This article is focused on New Zealand law and explains issues from a Common law perspective.

Browse self-help articles

How to obtain an order placing a child under court guardianship within NZ


New Zealand Court guardianship is a special form of guardianship in which the Family Court or High Court becomes the child's guardian and displaces the parents (or other guardians) from that role. The court usually appoints the Oranga Tamariki - Ministry for Children to play the role of guardian as the court's agent.

The central principle behind court guardianship is the protection of the child. In some cases it is the only effective legal response to a new and unforeseen problem.

Placing a child under court guardianship does not deprive natural parents of guardianship, but rather makes their rights and powers subject to the authority of the court.

Court guardianship is governed by the CARE OF CHILDREN ACT 2004, which came into force on 1 July 2005.

Who can apply for court guardianship?

The following people may apply to the Family or High Court for a child to be placed under the court's guardianship -

  • a parent or guardian
  • a grandparent or aunt or uncle of the child
  • a partner of one of the parents (whether they are married, in a civil union or in a de facto relationship) if they've been sharing day-to-day care of the child
  • a brother or sister of the child (including half-brothers and half-sisters)
  • the Department of Child, Youth and Family Services
  • the child himself or herself
  • any other person who has the court's permission

When will the court make an order for court guardianship?

Placing a child under court guardianship is a measure of last resort, and the power should be exercised only where it is necessary in the interests of the child and any aspects of the wider public interest. In all cases involving the guardianship or care of children the court will treat the child's welfare and best interests as the first and most important concern.

The court's guardianship powers have been exercised in a variety of situations. The reasons for making an order could include the following -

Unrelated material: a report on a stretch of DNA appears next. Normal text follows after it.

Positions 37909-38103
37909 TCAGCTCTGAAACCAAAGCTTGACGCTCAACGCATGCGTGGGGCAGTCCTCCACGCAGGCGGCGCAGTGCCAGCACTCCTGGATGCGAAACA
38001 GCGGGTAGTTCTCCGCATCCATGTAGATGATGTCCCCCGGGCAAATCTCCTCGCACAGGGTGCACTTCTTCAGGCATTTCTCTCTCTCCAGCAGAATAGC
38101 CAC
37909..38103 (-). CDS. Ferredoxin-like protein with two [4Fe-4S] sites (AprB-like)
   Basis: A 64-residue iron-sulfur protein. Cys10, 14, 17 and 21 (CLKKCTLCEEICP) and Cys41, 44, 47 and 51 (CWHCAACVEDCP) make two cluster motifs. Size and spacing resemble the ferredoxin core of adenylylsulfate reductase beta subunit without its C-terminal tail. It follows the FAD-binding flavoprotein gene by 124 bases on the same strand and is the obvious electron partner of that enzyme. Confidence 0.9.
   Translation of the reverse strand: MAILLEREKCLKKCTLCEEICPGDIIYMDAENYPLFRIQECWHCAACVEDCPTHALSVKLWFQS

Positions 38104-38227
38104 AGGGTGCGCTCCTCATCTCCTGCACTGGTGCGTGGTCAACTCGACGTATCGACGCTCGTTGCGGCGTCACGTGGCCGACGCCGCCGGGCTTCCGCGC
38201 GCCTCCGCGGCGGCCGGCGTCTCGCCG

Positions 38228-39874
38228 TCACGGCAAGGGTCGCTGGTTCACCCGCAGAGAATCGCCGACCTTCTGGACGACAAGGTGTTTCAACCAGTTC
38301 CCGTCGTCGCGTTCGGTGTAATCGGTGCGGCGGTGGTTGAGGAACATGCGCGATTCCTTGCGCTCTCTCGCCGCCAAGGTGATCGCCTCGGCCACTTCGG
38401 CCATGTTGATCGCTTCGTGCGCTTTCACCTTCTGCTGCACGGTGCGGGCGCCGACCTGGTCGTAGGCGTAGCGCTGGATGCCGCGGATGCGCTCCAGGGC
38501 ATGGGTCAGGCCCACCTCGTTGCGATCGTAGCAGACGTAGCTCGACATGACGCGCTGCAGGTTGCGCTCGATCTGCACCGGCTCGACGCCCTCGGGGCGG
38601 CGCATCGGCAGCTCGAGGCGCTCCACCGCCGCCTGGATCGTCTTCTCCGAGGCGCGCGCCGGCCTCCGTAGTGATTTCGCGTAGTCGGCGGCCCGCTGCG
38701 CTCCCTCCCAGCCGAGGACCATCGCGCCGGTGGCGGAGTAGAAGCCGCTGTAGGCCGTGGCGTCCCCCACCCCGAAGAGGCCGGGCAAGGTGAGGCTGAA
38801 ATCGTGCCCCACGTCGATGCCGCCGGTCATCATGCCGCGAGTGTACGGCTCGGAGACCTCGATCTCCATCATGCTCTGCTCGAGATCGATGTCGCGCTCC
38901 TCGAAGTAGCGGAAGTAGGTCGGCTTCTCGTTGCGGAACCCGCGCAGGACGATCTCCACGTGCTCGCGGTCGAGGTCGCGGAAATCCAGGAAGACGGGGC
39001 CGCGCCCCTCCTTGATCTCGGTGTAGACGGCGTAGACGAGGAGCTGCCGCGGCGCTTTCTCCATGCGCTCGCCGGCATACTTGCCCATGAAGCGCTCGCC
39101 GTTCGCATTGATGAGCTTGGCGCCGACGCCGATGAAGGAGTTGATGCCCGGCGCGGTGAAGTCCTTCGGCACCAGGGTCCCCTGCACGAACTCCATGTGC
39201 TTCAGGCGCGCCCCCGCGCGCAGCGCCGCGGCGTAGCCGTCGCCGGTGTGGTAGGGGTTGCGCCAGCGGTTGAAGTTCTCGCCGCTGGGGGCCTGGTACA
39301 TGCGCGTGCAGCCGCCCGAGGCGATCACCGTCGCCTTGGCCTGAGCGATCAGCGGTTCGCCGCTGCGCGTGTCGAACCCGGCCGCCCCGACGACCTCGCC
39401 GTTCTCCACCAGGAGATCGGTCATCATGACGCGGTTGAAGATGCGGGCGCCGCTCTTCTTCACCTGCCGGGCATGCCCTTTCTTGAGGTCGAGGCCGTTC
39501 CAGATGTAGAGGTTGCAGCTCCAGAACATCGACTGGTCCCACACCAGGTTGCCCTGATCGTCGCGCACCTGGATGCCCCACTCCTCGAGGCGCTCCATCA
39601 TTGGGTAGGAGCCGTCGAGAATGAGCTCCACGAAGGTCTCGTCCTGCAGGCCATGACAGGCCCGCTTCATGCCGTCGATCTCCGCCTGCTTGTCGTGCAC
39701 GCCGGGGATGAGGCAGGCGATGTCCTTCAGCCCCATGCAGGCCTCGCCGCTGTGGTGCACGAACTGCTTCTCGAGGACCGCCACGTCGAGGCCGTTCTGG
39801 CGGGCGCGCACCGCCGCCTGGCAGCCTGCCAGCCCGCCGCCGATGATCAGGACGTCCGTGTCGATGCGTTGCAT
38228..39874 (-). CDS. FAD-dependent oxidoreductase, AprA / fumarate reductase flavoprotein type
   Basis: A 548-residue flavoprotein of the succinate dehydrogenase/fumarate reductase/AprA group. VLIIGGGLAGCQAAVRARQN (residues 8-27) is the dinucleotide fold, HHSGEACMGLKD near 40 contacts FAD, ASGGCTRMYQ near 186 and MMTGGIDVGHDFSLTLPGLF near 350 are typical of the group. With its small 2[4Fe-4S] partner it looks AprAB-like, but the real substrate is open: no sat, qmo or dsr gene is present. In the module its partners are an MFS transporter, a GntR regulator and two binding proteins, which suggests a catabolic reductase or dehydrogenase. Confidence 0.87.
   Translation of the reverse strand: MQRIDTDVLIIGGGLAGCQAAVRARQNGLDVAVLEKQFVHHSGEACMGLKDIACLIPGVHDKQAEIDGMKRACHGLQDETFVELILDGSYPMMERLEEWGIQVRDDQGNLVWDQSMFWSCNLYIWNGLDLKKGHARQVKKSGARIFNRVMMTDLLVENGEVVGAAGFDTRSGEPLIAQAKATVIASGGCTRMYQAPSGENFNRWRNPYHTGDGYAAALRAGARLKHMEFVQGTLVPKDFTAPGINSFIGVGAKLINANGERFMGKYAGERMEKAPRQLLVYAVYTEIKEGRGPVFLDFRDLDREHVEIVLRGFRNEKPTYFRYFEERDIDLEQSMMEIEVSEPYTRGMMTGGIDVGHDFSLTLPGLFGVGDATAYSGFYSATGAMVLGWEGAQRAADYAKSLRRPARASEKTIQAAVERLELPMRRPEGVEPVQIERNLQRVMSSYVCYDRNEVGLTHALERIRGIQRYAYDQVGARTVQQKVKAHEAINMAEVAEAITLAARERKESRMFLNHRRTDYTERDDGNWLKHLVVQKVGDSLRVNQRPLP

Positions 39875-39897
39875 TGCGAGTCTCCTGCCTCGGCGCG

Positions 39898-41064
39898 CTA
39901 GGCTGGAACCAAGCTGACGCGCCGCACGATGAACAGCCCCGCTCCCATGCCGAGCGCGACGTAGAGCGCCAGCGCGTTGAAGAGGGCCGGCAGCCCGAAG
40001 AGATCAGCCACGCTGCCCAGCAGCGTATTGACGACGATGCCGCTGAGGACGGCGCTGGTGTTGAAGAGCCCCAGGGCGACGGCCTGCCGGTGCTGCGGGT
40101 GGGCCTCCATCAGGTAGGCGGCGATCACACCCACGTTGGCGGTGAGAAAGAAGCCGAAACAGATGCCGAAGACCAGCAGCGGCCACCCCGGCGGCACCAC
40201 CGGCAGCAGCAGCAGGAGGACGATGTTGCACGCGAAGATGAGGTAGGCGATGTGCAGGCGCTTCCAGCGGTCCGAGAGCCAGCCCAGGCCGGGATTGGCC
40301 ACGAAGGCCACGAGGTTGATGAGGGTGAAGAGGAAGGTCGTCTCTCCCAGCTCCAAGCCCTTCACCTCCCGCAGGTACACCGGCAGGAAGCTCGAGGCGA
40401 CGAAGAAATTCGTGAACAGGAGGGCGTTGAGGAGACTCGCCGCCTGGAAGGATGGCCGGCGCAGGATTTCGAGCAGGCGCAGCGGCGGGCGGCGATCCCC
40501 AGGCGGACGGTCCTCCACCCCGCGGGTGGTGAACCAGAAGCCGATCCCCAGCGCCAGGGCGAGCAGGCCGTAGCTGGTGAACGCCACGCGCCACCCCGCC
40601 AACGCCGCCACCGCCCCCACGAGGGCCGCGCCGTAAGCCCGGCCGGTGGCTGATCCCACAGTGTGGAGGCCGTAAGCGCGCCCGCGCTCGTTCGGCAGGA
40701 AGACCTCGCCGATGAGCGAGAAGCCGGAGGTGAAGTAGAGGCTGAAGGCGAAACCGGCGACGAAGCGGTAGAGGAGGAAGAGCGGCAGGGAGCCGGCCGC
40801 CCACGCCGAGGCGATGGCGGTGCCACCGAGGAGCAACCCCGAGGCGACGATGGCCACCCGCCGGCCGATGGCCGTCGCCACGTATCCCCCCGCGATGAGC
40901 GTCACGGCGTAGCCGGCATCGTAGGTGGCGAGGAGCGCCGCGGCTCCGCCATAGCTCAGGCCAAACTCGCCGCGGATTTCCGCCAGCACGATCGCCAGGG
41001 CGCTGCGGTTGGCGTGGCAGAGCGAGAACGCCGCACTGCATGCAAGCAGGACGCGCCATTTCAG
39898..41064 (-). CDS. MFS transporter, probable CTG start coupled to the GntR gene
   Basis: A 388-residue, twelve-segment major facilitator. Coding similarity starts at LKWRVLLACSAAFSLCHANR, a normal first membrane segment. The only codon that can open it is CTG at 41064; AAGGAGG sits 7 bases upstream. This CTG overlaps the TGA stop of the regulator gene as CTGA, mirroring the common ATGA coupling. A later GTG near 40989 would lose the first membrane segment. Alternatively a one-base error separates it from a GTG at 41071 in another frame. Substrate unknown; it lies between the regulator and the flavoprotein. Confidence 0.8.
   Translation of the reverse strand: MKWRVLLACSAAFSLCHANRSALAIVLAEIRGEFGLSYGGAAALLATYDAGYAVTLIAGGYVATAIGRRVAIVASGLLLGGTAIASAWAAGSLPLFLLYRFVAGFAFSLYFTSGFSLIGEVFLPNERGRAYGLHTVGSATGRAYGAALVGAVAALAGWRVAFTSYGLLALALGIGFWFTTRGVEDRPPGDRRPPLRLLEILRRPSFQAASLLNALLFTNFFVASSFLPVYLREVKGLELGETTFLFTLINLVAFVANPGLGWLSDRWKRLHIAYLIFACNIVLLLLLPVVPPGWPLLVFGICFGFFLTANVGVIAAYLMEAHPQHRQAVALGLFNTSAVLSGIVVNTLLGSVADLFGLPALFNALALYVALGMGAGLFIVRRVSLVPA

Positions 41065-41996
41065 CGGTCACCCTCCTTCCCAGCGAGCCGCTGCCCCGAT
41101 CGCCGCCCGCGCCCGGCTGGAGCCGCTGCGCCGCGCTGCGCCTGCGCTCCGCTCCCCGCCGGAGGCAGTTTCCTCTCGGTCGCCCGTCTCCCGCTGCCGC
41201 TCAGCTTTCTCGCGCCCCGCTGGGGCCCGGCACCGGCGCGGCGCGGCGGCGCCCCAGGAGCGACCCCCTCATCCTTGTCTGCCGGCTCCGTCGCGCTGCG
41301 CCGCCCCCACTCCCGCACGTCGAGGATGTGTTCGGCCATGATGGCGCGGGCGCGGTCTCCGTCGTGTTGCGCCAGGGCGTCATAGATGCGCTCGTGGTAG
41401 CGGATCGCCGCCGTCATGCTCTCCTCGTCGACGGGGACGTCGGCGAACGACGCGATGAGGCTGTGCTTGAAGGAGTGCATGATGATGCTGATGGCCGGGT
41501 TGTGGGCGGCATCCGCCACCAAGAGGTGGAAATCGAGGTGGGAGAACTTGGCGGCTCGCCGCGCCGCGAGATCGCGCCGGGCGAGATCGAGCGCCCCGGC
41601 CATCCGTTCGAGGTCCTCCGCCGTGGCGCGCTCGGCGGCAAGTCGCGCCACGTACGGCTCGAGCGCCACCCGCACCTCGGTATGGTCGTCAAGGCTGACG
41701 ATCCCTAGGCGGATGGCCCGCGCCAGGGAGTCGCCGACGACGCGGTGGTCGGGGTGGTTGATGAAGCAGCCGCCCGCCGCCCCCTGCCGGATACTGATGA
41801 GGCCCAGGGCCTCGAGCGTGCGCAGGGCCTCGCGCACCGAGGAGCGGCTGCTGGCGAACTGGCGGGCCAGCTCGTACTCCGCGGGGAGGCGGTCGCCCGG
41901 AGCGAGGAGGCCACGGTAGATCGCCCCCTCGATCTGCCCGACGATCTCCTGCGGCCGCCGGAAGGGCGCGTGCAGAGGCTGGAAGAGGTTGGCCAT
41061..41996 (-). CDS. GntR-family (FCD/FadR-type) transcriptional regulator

• to stop a particular person having contact with the child
  • to restrict or deny parents from having contact with the child
  • to specify a particular type of religious upbringing
  • to give consent to blood transfusions or other medical treatment when this is necessary to override the religious convictions of parents or guardians
  • to prevent proposed sterilisation operations
  • to prevent the child being removed from the country
  • to introduce some stability until a dispute over care arrangements for the child is resolved

Up to what age can an application for court guardianship be made?

An application for court guardianship cannot be made if the person who would be the subject of the application is -

  • 18 or older, or
  • married or in a civil union or de facto relationship (children who are 16 or 17 must get written permission from their guardian before marrying or entering into a civil union or de facto relationship)

Restrictions on the court's powers

The court's powers are subject to these restrictions -

  • The court may not direct any child who is 16 or over to live with any person unless the circumstances are exceptional.
  • The court may not commit for contempt of court a child (or the child's spouse) for marrying without the court's consent while the child is under the guardianship of the court (see How to get married).

When does the court's guardianship end?

Unless the court makes some earlier order, the court's guardianship automatically ends when 

  • the child turns 18, or
  • at age 16 or 17, the child marries or enters into a civil union or de facto relationship (to do that a 16- or 17-year-old needs the court's permission).

HowToLaw has partnered with

Here you may discuss your legal issue with Lawyer specialising in Family, Employment, Immigration, Property, Business, Consumer Protection, Estate Law and more.

Not Legal Advice Disclaimer: Nothing on this website constitutes legal advice. HowToLaw is not a law firm and provides legal information for educational purposes only. For legal advice, you should consult a lawyer.
© 2024 How To Law | Website by eDIY